Thursday | December 14, 2017
About Us | Contact | Subscribe

Lessons from a landfill

By Nancy Cook Lauer

Stephens Media

April 23 marks the 20th anniversary of the West Hawaii Sanitary Landfill in Puuanahulu, an ambitious public-private contract born of necessity and forged through a lawsuit over union labor.

As Hawaii County looks at privatizing other solid waste functions, such as green waste, compost, organic solids and oils, and possibly a waste-to-energy facility, some officials are looking to the lessons learned from the Waste Management contract before privatizing other long-term projects.

One thing Mayor Billy Kenoi would like not to see repeated is a contract with no expiration date. Waste Management has the West Hawaii contract for the life of the landfill, with contract extensions following the first 30 years of the original contract.

The 82-page contract and addendum, signed by then-Mayor Steven Yamashiro, sets a county-paid disposal fee that ranges from $48.72 per ton for 200-249 tons per day, to $33 per ton for 350-399 tons per day, adjusted annually for inflation.

The contract goes on to specify that in the event the average daily tonnage during any month is less than 150 tons or more than 400 tons, “the parties acknowledge and agree that fees will be negotiated in good faith by the parties.”

The county and Waste Management also are allowed to renegotiate fees on the 15th anniversary of the contract and every 10 years thereafter, under the terms of the contract.

“One of the real challenges is it’s so open-ended,” Kenoi said in a recent interview. “All parties are looking for some degree of predictability. … My job upon taking office was to work with what we have here, to run as efficient an operation as possible.”

Joseph Whelen, general manager of Waste Management Hawaii, estimates the landfill has another 30 years or so left in its lifespan, as new cells can be opened as the old ones fill up.

Since 1993, the county has paid Waste Management more than $89.4 million to construct and operate the landfill, according to data provided by the county Department of Environmental Management. The contract is for the life of the landfill and also includes closing it — when that time comes.

The original plan was for Waste Management to use its own employees for the entire operation. But in 1997, the Hawaii Supreme Court found that the contractor’s operation of the Puuanahulu landfill violated civil service laws by privatizing functions that were “customarily and historically” done by civil service employees.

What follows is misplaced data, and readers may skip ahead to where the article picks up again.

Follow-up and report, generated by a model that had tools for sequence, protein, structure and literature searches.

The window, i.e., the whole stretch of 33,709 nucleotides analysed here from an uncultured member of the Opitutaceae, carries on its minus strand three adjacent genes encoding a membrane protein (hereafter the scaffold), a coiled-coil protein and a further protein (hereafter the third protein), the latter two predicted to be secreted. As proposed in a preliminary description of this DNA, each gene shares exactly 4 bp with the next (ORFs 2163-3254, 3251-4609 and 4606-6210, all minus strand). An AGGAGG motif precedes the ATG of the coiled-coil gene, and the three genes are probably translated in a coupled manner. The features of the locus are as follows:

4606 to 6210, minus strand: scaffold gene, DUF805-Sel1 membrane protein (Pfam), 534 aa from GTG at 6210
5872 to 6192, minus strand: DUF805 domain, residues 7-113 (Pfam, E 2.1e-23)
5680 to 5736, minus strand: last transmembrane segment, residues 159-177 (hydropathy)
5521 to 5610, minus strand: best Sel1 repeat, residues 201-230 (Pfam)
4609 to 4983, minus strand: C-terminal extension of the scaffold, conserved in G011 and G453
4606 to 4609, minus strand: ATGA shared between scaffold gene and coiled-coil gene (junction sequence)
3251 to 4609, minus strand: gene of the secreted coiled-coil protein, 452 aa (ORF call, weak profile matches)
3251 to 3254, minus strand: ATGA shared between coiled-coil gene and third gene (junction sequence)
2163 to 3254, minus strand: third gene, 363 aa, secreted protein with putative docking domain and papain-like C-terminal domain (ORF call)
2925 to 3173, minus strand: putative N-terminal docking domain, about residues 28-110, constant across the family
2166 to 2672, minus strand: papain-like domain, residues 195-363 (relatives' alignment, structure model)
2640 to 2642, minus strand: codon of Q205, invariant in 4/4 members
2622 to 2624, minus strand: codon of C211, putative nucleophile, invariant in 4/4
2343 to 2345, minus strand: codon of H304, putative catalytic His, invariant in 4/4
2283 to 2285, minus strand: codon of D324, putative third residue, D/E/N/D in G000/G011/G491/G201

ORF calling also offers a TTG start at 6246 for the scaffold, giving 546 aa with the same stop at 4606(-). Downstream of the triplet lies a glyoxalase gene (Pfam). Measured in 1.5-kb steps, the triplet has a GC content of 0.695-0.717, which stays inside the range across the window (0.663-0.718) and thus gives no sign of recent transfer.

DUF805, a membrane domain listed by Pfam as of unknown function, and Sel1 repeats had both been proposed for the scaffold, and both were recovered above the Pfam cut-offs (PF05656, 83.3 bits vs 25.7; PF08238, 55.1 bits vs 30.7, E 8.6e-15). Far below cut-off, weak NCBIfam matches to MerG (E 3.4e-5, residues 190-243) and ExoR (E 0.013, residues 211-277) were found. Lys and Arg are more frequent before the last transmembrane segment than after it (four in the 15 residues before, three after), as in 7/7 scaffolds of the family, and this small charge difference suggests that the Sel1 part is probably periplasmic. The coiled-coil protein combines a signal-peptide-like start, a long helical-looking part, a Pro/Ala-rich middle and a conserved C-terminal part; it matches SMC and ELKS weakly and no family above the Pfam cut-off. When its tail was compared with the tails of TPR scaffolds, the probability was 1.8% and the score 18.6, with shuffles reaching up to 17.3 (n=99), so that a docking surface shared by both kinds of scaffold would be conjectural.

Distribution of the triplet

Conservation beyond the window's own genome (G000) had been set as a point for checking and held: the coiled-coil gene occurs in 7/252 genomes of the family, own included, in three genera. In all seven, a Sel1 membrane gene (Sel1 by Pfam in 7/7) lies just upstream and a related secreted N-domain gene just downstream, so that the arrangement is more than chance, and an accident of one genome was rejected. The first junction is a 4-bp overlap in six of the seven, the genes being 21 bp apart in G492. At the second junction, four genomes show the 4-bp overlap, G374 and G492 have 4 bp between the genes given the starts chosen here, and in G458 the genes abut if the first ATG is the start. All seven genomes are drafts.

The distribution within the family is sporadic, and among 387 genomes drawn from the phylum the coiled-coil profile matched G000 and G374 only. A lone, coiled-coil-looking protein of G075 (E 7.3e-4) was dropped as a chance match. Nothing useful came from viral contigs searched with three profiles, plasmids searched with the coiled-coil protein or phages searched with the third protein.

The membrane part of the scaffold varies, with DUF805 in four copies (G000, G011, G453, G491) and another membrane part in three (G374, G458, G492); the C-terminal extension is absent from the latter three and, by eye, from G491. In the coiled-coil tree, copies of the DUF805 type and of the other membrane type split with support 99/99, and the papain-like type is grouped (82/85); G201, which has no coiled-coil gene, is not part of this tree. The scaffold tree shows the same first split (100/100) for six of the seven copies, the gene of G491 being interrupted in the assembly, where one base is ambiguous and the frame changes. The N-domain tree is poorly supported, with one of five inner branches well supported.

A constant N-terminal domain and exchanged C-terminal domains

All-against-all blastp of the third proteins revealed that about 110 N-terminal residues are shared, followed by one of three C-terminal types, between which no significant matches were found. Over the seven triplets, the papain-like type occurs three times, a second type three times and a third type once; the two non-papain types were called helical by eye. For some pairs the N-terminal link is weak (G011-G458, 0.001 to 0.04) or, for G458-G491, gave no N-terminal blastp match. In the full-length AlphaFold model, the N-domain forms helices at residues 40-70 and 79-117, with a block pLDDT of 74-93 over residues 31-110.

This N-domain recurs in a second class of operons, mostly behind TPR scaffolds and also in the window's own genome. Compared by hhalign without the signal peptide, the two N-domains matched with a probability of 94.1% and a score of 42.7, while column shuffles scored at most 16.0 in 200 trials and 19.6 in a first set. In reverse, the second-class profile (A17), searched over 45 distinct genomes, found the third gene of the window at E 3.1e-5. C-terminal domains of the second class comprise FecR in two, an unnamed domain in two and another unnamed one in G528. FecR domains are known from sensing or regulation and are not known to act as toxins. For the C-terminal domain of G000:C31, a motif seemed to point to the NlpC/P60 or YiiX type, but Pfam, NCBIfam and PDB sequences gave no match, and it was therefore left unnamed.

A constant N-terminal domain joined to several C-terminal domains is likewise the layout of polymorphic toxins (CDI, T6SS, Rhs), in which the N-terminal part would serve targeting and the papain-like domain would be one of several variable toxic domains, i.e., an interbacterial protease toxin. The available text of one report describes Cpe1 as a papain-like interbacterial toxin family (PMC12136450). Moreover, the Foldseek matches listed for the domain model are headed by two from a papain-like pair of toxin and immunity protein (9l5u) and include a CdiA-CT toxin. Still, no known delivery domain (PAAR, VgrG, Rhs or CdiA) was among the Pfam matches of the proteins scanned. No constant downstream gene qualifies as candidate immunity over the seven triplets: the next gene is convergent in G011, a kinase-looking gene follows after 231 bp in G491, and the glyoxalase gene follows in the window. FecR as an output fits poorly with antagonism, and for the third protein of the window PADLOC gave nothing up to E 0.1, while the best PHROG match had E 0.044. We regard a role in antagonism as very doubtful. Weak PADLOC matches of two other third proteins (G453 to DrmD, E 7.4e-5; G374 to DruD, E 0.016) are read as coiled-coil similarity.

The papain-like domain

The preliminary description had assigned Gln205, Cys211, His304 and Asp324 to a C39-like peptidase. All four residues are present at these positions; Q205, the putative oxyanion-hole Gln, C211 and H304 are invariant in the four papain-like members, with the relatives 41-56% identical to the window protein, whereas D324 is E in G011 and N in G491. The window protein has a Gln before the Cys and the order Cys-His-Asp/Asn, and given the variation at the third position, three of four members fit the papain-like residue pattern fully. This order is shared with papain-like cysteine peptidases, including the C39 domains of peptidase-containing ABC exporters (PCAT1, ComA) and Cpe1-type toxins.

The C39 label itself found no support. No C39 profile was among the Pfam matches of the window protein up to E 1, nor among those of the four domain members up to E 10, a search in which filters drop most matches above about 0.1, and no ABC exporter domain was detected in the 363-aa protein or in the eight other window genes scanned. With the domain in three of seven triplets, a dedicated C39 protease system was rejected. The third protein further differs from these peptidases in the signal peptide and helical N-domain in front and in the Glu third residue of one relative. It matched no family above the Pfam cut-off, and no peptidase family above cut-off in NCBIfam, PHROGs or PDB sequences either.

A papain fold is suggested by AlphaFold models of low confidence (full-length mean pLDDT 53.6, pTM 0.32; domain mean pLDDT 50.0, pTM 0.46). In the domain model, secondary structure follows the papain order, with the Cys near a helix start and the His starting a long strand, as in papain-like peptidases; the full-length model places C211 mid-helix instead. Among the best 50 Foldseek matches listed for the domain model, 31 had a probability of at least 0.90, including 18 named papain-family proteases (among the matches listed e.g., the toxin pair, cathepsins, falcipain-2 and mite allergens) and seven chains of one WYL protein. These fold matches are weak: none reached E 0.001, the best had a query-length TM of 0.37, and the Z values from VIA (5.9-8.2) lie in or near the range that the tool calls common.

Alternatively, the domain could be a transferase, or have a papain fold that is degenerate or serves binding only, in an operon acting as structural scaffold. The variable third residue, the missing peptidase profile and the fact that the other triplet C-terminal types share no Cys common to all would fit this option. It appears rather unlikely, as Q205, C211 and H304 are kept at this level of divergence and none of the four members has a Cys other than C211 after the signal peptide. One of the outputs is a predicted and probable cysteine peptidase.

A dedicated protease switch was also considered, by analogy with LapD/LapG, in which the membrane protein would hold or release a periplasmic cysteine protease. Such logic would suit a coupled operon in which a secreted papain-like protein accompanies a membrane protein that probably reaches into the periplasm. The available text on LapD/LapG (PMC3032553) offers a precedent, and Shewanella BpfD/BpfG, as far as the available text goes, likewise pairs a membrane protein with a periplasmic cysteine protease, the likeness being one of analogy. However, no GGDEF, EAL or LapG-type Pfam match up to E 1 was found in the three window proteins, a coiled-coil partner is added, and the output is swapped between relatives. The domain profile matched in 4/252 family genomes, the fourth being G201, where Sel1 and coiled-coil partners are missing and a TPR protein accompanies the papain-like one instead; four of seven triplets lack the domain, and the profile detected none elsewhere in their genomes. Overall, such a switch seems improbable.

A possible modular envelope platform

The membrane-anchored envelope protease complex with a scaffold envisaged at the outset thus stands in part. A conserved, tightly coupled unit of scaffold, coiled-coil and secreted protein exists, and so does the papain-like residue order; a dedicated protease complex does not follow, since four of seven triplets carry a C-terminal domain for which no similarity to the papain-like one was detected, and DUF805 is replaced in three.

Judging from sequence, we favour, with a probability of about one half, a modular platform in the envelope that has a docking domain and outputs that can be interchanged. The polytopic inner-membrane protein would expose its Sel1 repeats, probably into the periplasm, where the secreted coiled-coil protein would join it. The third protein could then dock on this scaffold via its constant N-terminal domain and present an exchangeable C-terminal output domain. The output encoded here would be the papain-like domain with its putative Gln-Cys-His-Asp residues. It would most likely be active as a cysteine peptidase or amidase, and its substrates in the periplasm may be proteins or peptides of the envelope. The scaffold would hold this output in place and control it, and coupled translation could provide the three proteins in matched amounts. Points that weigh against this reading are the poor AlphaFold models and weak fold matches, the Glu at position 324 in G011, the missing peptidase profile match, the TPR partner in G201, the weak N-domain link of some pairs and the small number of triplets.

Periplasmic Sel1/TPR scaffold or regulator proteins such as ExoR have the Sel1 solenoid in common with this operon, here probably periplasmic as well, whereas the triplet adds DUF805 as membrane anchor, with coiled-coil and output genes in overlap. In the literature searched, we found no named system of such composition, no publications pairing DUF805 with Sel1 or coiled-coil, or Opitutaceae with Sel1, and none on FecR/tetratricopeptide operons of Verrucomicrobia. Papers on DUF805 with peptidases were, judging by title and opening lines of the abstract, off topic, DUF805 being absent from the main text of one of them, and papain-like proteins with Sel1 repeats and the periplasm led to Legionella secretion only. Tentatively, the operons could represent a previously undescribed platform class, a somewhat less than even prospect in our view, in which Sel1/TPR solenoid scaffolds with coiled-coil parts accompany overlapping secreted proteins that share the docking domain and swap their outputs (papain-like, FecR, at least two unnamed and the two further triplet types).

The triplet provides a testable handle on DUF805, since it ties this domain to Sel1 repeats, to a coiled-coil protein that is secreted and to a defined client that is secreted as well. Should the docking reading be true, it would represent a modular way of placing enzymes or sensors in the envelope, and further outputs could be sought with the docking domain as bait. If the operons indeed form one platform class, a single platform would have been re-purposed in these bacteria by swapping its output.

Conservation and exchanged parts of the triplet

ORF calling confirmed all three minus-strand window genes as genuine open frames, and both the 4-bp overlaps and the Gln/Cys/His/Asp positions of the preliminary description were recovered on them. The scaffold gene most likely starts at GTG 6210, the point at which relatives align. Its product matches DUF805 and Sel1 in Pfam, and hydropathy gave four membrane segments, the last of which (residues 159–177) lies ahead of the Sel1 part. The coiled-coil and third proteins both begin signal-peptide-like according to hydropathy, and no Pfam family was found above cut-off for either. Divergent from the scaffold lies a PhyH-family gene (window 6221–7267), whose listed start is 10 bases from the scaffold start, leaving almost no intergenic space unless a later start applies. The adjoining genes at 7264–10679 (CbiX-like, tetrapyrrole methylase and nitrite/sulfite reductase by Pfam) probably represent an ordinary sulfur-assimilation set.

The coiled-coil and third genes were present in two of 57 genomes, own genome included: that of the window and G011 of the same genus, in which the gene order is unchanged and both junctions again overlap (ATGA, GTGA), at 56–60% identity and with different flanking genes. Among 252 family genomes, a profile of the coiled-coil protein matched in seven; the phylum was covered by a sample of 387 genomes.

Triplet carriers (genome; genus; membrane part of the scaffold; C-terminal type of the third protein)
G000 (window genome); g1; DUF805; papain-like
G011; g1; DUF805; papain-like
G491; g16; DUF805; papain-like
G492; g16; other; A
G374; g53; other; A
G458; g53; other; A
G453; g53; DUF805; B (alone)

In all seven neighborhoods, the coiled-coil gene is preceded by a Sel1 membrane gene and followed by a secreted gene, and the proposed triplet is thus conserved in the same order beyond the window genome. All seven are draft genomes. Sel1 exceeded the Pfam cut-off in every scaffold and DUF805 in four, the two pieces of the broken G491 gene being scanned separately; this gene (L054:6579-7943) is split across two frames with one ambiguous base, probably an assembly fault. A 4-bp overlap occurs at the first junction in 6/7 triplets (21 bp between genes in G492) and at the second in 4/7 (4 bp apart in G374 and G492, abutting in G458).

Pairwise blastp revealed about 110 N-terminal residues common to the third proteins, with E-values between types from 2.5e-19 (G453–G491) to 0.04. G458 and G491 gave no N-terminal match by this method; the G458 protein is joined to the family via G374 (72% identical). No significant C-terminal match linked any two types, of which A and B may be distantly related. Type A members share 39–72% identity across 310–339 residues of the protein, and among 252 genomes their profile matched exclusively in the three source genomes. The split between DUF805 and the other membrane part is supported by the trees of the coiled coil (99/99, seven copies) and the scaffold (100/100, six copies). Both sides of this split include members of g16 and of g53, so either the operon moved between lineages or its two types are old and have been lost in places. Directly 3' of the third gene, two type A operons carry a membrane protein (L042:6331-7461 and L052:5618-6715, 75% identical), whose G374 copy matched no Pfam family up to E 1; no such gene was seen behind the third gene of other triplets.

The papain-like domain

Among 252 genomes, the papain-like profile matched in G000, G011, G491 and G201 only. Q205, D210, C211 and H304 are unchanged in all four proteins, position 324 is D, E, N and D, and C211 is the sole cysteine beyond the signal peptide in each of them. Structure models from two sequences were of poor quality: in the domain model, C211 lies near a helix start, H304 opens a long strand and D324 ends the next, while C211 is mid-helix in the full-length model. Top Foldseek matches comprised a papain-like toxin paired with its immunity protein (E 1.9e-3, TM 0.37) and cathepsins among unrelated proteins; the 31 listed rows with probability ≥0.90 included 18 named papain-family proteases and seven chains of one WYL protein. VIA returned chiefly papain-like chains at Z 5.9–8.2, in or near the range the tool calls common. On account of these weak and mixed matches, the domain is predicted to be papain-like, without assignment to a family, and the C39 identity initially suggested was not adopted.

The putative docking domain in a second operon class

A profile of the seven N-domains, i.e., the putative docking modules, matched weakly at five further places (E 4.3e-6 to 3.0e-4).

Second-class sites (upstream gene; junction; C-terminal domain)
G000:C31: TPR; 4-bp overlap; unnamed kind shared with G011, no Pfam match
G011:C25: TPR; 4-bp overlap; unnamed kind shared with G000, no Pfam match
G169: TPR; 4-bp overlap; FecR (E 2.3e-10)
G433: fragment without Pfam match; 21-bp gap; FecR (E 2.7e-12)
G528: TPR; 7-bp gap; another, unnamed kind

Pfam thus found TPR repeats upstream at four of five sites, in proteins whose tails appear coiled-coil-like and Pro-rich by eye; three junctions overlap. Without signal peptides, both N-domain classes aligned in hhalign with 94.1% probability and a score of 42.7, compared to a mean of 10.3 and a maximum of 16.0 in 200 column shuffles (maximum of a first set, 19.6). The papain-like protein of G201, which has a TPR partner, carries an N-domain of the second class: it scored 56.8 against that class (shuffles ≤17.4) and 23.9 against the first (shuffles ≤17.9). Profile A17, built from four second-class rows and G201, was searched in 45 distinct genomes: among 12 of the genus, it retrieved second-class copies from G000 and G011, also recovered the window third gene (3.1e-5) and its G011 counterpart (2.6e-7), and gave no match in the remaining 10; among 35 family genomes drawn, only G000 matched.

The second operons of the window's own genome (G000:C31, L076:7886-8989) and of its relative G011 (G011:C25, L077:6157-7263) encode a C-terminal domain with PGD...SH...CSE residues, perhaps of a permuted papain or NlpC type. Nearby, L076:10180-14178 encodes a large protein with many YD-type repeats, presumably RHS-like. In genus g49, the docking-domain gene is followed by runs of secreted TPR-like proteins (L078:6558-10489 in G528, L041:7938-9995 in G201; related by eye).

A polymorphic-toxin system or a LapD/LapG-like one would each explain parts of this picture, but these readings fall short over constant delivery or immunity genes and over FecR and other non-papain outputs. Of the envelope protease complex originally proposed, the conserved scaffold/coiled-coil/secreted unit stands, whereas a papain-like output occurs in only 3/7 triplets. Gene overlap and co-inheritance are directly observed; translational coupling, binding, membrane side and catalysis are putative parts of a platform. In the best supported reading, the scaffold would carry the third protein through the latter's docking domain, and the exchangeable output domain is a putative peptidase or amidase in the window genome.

Waste Management could handle cell preparation, closure and post-closure maintenance, according to the ruling. However, the “waste intake services” of “spreading, compacting, and covering” refuse were determined to be civil service work and thus, assigned to the county.

It’s difficult to tell if privatizing the landfill has saved taxpayers’ money. Even the private-sector rank-and-file employees at the landfill must be paid union-scale wages, under the terms of the contract.

Whelen acknowledges it “was certainly our intent” to operate the landfill start-to-finish. But even with the hybrid arrangement required after the lawsuit, the company’s involvement is helping keep costs down, he said.

“I think it’s been a good management over the years. Because we’re private, we try to be competitive,” Whelen said. “As a rule, we usually have less people and are more efficient than others.”

The county paid Waste Management $5.1 million, and it paid 13 county staff working at that landfill $556,850 in the fiscal year that ended June 30. Salary and wages for 61 county staff at the Hilo landfill ran about $2.5 million that year. The cost for the county-run Hilo landfill, including transfer stations around the island, totaled $11.9 million, according to the county budget.

That’s from a budget that anticipated a total of $6.9 million in tipping fee revenue from both the Hilo and Puuanahulu landfills. The rest of the $28.3 million solid waste budget comes from the county’s general fund, except for $915,000 coming from state grants.

One other advantage Waste Management brings to the table is the ability to keep up with the ever-changing regulatory landscape, Whelen said. He said his company is active in advising the state Department of Health and others on how proposed changes affect the operation of landfills. Keeping pace with new rules and regulations takes a very specialized knowledge, he said, and the ability to quickly understand how changes can affect Waste Management and county operations.

“That’s part of our value,” Whelen said.

Email Nancy Cook Lauer at


Rules for posting comments